Sisters felt 'terrible helplessness' as 87-year-old mother was assaulted in care home

·4 min read
Sisters Jeanie and Julia Warnock went to police after reviewing footage from a camera they left in their elderly mother’s room at the Peter D. Clark Long-Term Care Centre. (Francis Ferland/Radio-Canada - image credit)
Sisters Jeanie and Julia Warnock went to police after reviewing footage from a camera they left in their elderly mother’s room at the Peter D. Clark Long-Term Care Centre. (Francis Ferland/Radio-Canada - image credit)

After inquiring about bruises they'd seen on their 87-year-old mother, Jeanie and Julia Warnock were told by an official at the Peter D. Clark Long-Term Care Centre that the injuries she suffered were possibly self-inflicted.

After a review of various factors, including behaviour patterns and the home's own video footage, it was determined the bruising could have resulted from banging and hitting objects, such as tables, doors and windows, the official told them.

"Every time I went over there in the evening she would tell me, 'Are you sleeping over? I don't want you to go home. Can you sleep with me? Can you sleep in my bed with me? Can you take me home?'" Jeanie Warnock told CBC News in a recent interview.

"People just say she's confused because she has Alzheimer's. But she sounded scared."

Already unsatisfied with what they had been hearing from the city-run home, the two sisters were contacting City of Ottawa officials, the province and staff, trying to understand what was happening to the woman who raised them.

Jeanie Warnock said she felt a "terrible helplessness" hearing her mother's frightful complaints. She had only been placed in the facility in February 2022 after their father died.

CBC has agreed not to name the mother because her dementia means she is unable to consent.

Video shows woman pulling her to the floor

Ottawa police recently charged a 25-year-old personal support worker at the home with one count of assault. They said they arrested the woman after relatives noticed "unexplained bruising," placed a video camera in the elderly woman's room, and came to police with what they saw on March 28.

Julia Warnock installed the camera shortly after seeing her mother's first bruises.

The footage, which CBC News has viewed, shows a personal support worker entering the woman's bedroom on March 16. The employee begins to scold the elderly woman.

The mother repeatedly asks the worker to leave and begins to flail her arms as she becomes more agitated. Eventually, the 87-year-old is pulled down onto the ground.

The personal support worker leaves her there, turns out the light and closes the door behind her when she leaves.

Later, the mother is seen showing her arms to another staff member at the home.

Francis Ferland/Radio-Canada
Francis Ferland/Radio-Canada

Julia Warnock said she was horrified when she reviewed the footage weeks later.

"I felt bad because I was behind in [watching] the footage," she said, beginning to cry. "It took me so long to find [that incident]."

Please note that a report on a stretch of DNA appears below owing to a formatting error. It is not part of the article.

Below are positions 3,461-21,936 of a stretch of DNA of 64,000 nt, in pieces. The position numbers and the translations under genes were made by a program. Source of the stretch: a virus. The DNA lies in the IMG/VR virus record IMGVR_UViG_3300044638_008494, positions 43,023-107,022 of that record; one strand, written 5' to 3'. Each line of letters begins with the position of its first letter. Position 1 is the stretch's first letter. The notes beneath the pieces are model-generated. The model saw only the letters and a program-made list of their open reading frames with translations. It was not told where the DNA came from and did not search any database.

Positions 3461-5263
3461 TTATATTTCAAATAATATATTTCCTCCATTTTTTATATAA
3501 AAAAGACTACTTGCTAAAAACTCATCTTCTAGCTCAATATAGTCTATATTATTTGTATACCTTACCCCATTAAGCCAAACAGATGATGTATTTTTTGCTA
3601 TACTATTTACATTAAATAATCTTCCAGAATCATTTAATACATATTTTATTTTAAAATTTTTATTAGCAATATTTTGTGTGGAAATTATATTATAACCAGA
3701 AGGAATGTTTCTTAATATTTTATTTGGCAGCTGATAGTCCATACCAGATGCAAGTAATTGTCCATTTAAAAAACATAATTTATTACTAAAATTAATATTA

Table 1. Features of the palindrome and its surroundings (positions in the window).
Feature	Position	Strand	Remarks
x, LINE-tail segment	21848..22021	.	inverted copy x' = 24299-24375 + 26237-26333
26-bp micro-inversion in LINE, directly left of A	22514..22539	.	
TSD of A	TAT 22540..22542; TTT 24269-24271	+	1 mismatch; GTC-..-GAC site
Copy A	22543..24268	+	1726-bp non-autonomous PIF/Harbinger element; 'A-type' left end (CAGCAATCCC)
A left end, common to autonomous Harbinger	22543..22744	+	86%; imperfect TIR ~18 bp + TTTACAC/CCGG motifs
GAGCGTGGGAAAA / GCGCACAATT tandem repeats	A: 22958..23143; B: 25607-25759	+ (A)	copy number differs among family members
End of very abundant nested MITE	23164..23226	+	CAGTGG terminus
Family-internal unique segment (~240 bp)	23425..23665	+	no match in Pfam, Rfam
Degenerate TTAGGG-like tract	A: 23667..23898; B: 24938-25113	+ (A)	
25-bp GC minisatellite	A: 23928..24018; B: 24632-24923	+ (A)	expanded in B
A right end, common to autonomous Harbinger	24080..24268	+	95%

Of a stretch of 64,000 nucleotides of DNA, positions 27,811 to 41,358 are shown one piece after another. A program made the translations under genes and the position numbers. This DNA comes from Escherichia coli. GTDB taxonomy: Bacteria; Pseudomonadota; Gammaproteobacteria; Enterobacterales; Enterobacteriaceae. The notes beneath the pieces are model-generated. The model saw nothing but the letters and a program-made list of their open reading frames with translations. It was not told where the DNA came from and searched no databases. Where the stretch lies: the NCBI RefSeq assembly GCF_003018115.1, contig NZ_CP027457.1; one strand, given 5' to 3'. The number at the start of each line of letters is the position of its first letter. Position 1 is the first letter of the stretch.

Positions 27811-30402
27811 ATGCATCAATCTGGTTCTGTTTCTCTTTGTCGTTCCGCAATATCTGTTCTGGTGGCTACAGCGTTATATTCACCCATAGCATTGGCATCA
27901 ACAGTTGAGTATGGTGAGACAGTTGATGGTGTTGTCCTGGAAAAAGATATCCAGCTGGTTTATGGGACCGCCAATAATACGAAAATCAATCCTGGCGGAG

The city, which runs Peter D. Clark, said it will co-operate with the police investigation. The employee was removed from the facility while management conducted an initial investigation, the city said, and no longer works for the city.

"The city remains committed to the health, safety and well-being of all long-term care residents," said Dean Lett, the city's director of long-term care, in a statement Thursday.

"All incidents of alleged abuse are taken seriously and are investigated accordingly."

Francis Ferland/Radio-Canada
Francis Ferland/Radio-Canada

While the video is upsetting, Glenn Warnock, who has power of attorney for his mother, doesn't want it to reflect poorly on other staff at the home. He said the people he's interacted with seem dedicated to their work and to providing an adequate level of care.

"From my perspective, at some point, somebody like my mother has to be in some kind of care facility just because her needs are such that it's really hard to provide them at home," he said.

While it's clear the situation was mishandled, he said he also believes many of his mother's bruises were self-inflicted — and although it's possible there were other incidents, he's not certain.

"The first thing that comes up is a question of, what goes on in these places that we don't know about, right? And if we didn't have the video [camera] in there."

Looking at the options afforded to families with aging loved ones, he said he still feels city-run homes remain one of the better options.

WATCH | Bruising appeared soon after mother moved into home, daughter says

Reviewing photos of their mom, the two daughters are reminded of her indomitable spirit, of the woman who rode horses in the country and lived her life in rural Moose Creek, Ont.

They'd like to see their mother removed from the facility, and hope she'll return to her home in the Township of North Stormont.

By talking about what happened, Julia and Jeanie Warnock hope they can prevent similar situations, and that their mother's case demonstrates shortcomings in the system.

The two women still have questions about how the support worker was allowed that kind of power over her mother, a responsibility they feel falls on the people running Peter D. Clark.

"If I didn't have that camera there, what would have happened to my mother?" Julia Warnock asks. "Like, would the abuse have escalated? Would she have broken a hip or a wrist?"

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